In March 2018, my colleague Jessica Slippen addressed the Connecticut Legislature’s effort to overhaul the state sex harassment and sex assault laws, in response to the “me too” and “times up” movements. State Democrats called it the “the Largest Overhaul in Modern Connecticut History of Sexual Harassment Laws”.
Among other things, the Bill, entitled “An Act Combatting Sexual Harassment and Sexual Assault” sought to expand sexual harassment training requiring employers with 3 or more employees to train all employees at all levels (not just supervisors). It also sought to increase the length of time complainants would have to file sexual harassment complaints from 180 days to three years. While there was disagreement on what would ultimately be enacted, the consensus seemed to be that this was an area where lawmakers could agree. Right?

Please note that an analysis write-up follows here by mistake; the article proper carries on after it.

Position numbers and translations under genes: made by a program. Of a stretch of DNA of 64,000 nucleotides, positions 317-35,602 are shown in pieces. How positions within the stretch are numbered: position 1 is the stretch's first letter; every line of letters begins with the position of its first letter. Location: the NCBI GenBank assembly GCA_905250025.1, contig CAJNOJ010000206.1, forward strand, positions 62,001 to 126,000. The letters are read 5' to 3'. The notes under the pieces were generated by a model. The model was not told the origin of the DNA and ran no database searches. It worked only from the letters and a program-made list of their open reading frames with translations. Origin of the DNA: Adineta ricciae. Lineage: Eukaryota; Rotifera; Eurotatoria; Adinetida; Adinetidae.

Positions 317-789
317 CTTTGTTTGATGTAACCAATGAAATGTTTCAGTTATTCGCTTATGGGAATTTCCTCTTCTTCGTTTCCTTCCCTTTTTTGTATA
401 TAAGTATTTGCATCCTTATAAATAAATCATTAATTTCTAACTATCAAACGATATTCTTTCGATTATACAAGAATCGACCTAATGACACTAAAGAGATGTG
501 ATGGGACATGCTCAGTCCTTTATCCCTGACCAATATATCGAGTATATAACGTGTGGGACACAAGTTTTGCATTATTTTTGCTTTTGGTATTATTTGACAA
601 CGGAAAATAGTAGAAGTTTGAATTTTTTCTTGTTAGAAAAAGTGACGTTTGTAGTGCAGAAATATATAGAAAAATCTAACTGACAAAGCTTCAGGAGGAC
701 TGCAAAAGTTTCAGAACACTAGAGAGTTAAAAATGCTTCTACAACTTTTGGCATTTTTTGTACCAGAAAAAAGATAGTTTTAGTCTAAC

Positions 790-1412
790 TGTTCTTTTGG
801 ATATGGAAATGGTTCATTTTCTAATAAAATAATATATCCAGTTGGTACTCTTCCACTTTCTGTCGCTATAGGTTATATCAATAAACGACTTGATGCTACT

Wrong. The Legislative Session ended and the Bill, which had passed the Senate 31-5, did not make it past the General Assembly. Perhaps they ran out of time; perhaps legislators didn’t want to take on any perceived radical stances ahead of the elections.
Whatever the reason(s) for the legislature’s inaction, employers who were proactively seeking to find ways to comply with the almost certain mandate that all employees (not just supervisors) be given sexual harassment training can relax – for now. They should use this likely grace period to make sure that their policies and practices conform with existing state and federal laws. It is sound business practice to do so.
Employees with potential sexual harassment claims need to know that they have 180 days from the date, not three years, of the alleged incident to file their claims with CHRO.